Risk Factors

The causes of asthma are not well understood. Asthma probably starts early in life, as the immune system is developing.1 Certain traits of one person’s immune system might make that person more vulnerable to allergens or viruses. Therefore, coming into contact with some allergens (ex: cockroach or dust-mite) or viruses (ex: RSV) sets the immune system on a track toward allergic disease and asthma.

Since asthma runs in families, some important immune system traits could be genetic.1 However, exactly which genes are linked to asthma is not known.

Before birth

How does smoking during pregnancy affect the baby?
Children have a higher risk of asthma if the mom smoked while she was pregnant.1 At age two years, these children are 40% more likely to wheeze and 85% more likely to have asthma.2 Between ages five and 18, they are 52% more likely to wheezing and 23% more likely to have asthma.2 Children exposed to smoke prenatally have life-long decreases in lung function.1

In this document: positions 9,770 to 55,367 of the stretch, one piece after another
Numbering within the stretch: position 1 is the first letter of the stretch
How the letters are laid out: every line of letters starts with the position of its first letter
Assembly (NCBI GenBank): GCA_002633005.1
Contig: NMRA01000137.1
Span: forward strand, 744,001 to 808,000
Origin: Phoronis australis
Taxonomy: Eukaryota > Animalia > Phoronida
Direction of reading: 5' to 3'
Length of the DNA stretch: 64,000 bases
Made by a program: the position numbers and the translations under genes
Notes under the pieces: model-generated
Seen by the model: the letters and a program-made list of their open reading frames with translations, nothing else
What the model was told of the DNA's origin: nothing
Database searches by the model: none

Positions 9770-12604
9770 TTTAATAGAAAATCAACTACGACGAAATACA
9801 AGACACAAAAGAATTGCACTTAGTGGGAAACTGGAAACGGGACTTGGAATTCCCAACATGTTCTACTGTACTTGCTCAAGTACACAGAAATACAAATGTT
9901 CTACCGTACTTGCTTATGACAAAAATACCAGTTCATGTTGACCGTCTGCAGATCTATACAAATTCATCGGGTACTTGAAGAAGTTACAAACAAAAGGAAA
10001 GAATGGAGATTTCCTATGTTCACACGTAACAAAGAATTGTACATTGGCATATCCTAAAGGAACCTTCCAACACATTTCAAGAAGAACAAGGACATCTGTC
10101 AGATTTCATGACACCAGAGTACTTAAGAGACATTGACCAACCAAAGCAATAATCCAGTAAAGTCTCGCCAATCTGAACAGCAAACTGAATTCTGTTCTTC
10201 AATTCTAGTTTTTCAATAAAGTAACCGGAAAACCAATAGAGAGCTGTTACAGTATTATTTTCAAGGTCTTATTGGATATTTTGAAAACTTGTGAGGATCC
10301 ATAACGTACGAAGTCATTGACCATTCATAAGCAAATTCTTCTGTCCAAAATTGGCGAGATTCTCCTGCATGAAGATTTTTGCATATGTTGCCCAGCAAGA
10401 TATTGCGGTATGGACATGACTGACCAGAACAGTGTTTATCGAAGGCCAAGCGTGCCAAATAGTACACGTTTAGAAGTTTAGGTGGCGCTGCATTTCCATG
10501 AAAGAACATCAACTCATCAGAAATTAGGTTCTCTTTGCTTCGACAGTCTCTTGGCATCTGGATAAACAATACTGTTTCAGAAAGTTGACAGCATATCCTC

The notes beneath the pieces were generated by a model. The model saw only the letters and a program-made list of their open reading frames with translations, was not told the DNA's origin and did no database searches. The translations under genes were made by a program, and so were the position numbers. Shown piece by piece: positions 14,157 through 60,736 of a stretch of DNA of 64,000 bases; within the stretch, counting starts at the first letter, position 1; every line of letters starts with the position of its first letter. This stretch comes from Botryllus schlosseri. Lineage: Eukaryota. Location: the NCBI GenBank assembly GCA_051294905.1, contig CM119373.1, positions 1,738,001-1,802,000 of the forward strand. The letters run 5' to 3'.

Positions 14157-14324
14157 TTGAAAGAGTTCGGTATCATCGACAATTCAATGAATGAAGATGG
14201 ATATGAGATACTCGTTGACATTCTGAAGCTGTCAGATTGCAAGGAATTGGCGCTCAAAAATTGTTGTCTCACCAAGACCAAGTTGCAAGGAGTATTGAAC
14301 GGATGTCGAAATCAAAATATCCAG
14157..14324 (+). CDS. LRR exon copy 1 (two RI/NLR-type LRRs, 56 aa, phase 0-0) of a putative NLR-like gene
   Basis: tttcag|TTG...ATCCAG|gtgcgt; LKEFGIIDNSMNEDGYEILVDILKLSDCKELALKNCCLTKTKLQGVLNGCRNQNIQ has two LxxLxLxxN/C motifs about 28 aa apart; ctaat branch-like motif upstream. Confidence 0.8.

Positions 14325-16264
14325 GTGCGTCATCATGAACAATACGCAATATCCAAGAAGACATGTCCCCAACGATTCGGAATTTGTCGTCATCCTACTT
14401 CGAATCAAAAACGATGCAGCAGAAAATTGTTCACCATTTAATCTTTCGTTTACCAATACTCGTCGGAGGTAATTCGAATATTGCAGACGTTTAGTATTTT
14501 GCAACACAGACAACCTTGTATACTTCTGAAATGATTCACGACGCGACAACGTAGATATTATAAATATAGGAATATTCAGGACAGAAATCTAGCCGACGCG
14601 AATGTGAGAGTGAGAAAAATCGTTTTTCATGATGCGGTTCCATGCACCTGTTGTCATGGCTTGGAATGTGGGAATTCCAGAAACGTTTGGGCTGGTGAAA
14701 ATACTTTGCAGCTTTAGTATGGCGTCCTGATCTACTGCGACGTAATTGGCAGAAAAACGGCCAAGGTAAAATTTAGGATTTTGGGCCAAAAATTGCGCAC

Infancy and early childhood

How does exposure to allergens affect the risk of asthma?
Allergens are one of the two most important risk factors for asthma.1 Allergies develop after a person comes in contact with an allergen. Common allergens are dust-mites, cockroaches, and mold. The allergen turns on your immune system, which starts to make antibodies. Antibodies are important for fighting harmful infections. However, they also cause allergic reactions to things that are harmless, such as dust-mites or pet dander. Once the allergy develops, continuing to be in contact with the allergen can lead to asthma.1